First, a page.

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10 Cyber Security Travel Tips for a Safe and Relaxing Holiday

The last thing anyone wants to do when on holiday or travelling is have any worries. Holidays are a time to relax. Unfortunately, with the ever-increasing number of cyber-attacks, you cannot afford to relax when it comes to cyber security.

Whether you’re connecting to your local bar Wi-Fi to act as the resident DJ or your favourite holiday café Wi-Fi, how can you be sure the networks are safe?

Do you need to work whilst travelling? Do you know if the local co-working space Wi-Fi is a rouge network?

In this post, we’ll cover essential cyber security travel tips to avoid becoming a victim of cyber crime on your holiday or travels.

10 cyber security tips for staying safe on Holiday

  1. Update Your Devices and Software Regularly  

One of the fundamental steps in maintaining cybersecurity is keeping your devices and software up to date. Regularly installing updates ensures you have the latest security patches and bug fixes, strengthening your defence against potential vulnerabilities. These updates often address critical security flaws that hackers exploit, so skipping them leaves your devices vulnerable. Whether you’re using the latest iPad or a Windows 10 laptop, make sure all your devices are up-to-date regularly.

  1. Utilise Strong and Unique Passwords 

A strong and complex password is the most basic defence against cyber-attacks. Avoid using easily guessable information such as “password123” or your pet’s name. A good practice is to use a passphrase—a string of 3 random words only you would know. Excellence IT recommends using unique passwords for each of your accounts. Consider storing your passwords in a reputable password manager to simplify copying and pasting your log-ins.

  1. Enable Two-Factor Authentication (2FA) 

Two-factor authentication adds an extra layer of security by requiring an additional verification step, such as a fingerprint scan or a unique code sent to your mobile device. It is the most efficient method of keeping your details safe. Two-factor authentication is one last barrier if a criminal has guessed your password and email address. Enable 2FA whenever possible to enhance the security of your accounts and prevent unauthorised access. 

  1. Secure Internet Connection 

When travelling, be cautious about the networks you connect to. Avoid using public Wi-Fi networks, which are often unsecured and vulnerable to attacks. If you must use public Wi-Fi, ensure it’s a legitimate network by asking staff for the exact name and password.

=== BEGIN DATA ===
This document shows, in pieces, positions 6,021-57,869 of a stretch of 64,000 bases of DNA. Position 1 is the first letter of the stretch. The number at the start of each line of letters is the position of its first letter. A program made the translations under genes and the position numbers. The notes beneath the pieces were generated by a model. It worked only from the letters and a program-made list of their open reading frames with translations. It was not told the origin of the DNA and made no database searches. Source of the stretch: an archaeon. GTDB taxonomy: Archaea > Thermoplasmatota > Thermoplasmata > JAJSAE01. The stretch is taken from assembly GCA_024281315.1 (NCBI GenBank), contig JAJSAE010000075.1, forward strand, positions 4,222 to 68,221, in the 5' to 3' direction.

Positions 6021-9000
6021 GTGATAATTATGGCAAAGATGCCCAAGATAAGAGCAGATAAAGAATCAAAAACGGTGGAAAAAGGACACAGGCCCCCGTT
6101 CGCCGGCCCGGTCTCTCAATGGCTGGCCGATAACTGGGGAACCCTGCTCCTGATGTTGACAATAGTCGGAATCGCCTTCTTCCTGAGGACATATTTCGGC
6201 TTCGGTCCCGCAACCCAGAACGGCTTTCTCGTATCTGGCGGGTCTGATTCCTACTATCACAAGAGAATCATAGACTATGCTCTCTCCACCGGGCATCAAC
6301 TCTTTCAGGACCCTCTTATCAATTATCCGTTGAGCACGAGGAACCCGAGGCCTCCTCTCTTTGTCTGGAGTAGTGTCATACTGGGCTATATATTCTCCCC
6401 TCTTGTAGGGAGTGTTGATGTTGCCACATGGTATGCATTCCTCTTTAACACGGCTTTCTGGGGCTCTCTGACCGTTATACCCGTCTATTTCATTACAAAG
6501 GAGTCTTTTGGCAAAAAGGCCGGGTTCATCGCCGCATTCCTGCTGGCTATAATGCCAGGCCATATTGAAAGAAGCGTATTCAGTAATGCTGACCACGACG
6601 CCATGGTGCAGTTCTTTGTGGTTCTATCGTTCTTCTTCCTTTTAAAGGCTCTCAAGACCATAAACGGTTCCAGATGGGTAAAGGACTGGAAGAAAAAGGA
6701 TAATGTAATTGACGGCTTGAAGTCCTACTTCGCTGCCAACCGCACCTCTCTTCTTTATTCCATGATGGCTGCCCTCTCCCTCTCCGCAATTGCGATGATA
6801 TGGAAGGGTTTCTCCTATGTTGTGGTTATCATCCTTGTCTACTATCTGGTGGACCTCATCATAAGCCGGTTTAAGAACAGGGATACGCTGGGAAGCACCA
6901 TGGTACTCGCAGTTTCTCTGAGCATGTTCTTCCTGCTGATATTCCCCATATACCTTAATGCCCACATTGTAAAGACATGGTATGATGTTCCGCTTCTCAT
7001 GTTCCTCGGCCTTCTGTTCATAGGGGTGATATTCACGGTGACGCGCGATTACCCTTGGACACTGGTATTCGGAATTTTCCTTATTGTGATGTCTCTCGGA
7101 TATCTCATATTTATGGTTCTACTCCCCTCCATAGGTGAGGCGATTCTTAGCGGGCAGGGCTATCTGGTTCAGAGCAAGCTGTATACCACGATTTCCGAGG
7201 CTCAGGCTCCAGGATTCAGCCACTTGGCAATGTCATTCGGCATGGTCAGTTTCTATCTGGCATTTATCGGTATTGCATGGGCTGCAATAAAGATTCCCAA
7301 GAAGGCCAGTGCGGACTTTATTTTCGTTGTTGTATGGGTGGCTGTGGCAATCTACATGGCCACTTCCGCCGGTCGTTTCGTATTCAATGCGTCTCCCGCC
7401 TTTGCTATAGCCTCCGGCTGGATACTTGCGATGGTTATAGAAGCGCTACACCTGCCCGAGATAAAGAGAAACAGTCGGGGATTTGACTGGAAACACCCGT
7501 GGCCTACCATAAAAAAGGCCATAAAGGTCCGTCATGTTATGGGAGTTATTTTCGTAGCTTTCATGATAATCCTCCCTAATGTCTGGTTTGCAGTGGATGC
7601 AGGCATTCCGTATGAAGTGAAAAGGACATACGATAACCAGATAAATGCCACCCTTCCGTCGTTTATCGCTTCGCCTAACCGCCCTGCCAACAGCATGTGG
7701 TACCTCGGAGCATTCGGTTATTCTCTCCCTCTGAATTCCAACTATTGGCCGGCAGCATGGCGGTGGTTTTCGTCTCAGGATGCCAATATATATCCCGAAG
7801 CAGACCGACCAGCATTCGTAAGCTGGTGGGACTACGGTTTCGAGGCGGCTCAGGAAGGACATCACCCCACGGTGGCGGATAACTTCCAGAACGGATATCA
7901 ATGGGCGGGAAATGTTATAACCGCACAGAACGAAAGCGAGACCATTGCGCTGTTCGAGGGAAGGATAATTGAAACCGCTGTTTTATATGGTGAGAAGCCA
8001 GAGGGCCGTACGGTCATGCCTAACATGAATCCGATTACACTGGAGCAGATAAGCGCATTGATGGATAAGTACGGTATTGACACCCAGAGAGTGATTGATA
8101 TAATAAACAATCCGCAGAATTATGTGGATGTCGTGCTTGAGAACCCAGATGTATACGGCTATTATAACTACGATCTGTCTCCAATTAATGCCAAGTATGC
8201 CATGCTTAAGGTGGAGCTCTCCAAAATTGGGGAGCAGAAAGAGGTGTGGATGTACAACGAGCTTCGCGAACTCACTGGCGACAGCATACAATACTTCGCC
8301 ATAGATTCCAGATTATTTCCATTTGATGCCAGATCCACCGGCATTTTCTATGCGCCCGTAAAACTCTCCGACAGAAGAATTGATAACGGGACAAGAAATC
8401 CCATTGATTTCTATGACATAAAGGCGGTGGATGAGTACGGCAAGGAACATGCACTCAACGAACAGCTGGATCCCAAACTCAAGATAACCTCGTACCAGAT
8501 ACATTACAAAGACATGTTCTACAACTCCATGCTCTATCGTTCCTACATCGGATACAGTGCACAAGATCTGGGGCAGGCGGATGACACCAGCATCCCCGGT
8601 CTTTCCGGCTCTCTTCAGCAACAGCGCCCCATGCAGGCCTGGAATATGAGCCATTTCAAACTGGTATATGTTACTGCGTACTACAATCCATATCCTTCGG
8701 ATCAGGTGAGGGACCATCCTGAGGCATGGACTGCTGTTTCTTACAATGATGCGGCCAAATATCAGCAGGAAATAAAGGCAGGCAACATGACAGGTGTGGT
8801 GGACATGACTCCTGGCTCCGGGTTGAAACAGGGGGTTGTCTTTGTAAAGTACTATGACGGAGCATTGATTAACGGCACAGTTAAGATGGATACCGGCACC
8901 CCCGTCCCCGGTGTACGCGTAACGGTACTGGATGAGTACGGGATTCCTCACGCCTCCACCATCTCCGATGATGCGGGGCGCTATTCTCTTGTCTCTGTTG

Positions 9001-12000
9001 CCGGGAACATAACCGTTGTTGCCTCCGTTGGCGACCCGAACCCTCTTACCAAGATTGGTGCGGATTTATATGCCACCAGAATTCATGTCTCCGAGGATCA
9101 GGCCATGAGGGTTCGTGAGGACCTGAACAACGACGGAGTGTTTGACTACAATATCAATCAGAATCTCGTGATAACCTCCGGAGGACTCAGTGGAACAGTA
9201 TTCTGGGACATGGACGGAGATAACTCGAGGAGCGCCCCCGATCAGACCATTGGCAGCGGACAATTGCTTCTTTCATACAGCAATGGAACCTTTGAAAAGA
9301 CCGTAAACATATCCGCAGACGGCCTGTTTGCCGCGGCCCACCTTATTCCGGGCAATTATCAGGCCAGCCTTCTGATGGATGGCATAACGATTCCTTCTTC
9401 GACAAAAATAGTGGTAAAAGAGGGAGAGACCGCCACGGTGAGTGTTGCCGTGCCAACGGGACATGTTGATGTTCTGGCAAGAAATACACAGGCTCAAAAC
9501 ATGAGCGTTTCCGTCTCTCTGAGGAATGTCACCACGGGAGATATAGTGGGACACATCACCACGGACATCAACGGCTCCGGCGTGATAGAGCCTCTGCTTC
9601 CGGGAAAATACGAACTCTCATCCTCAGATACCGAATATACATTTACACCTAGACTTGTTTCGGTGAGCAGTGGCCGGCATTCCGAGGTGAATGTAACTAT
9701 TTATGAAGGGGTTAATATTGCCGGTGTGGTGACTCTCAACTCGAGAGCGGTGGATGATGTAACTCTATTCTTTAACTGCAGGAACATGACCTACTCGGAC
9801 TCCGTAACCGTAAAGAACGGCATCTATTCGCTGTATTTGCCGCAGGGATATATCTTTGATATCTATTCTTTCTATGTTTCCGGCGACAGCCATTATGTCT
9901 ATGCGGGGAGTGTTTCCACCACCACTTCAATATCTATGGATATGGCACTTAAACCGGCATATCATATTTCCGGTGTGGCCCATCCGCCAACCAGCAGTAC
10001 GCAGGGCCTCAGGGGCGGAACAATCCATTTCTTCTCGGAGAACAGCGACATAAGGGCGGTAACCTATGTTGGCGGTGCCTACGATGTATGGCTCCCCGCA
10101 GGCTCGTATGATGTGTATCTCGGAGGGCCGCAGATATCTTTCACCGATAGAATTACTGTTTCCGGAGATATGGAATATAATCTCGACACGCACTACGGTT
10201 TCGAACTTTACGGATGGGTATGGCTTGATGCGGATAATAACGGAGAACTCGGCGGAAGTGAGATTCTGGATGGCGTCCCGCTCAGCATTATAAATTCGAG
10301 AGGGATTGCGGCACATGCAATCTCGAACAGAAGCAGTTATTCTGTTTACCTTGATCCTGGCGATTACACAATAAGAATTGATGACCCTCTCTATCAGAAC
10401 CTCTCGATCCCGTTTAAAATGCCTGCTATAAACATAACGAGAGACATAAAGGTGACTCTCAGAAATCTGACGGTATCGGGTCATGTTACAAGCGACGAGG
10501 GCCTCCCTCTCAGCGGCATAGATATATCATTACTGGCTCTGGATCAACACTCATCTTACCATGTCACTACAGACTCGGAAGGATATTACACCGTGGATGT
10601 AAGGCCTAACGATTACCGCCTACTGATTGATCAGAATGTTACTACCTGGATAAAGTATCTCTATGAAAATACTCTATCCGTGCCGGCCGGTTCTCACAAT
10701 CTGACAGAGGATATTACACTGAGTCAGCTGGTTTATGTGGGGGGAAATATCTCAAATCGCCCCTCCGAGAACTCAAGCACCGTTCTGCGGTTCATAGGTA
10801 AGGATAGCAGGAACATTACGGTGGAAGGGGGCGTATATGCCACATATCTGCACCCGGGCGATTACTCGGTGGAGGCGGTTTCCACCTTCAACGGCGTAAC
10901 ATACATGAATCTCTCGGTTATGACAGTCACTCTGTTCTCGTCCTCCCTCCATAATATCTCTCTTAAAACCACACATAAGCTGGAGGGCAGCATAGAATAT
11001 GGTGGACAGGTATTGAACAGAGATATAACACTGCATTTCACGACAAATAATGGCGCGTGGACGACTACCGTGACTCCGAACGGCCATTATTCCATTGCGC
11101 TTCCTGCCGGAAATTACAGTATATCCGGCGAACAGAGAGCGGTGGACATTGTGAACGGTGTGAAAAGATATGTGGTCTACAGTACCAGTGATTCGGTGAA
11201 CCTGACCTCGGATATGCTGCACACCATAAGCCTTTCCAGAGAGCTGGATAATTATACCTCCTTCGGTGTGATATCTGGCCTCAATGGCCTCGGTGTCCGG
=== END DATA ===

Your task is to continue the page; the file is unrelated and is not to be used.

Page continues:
A VPN (Virtual Private Network) is essential for creating a secure connection to another network over the Internet. It masks your IP address and encrypts your data, making it difficult for hackers to intercept your information. Public Wi-Fi networks are notorious hotspots for cybercriminals. Proceed with caution and consider using your mobile data or a personal hotspot for secure internet access.

How can I tell if a public Wi-Fi network is safe? 

Internet Security 

The first way to identify an unsafe network is by ensuring a secure lock icon next to the Wi-Fi connection. In the image below, we have shown an example of a safe and an unsecured network. Internet connection 1 has no secure lock, whilst Internet connection 2 does.  

Cyber Security Tips: Avoid Unsafe Networks
Cyber Security Tips: Avoid Unsafe Networks

Dangerous Networks 

In 2024, it’s harder to find businesses that don’t offer free public Wi-Fi to their guests. Whilst connecting to a public network can be tempting, especially if the signal is poor or you lack mobile data, please be careful.  

The image below shows Starbucks as a highly popular place for dangerous networks. Many networks are often named FREE Wi-Fi, and we almost assume straight away this is a free, secure network for customers. 

Cyber Security Tips: Dangerous Networks
Cyber Security Tips: Dangerous Networks
Image by: TunnelBear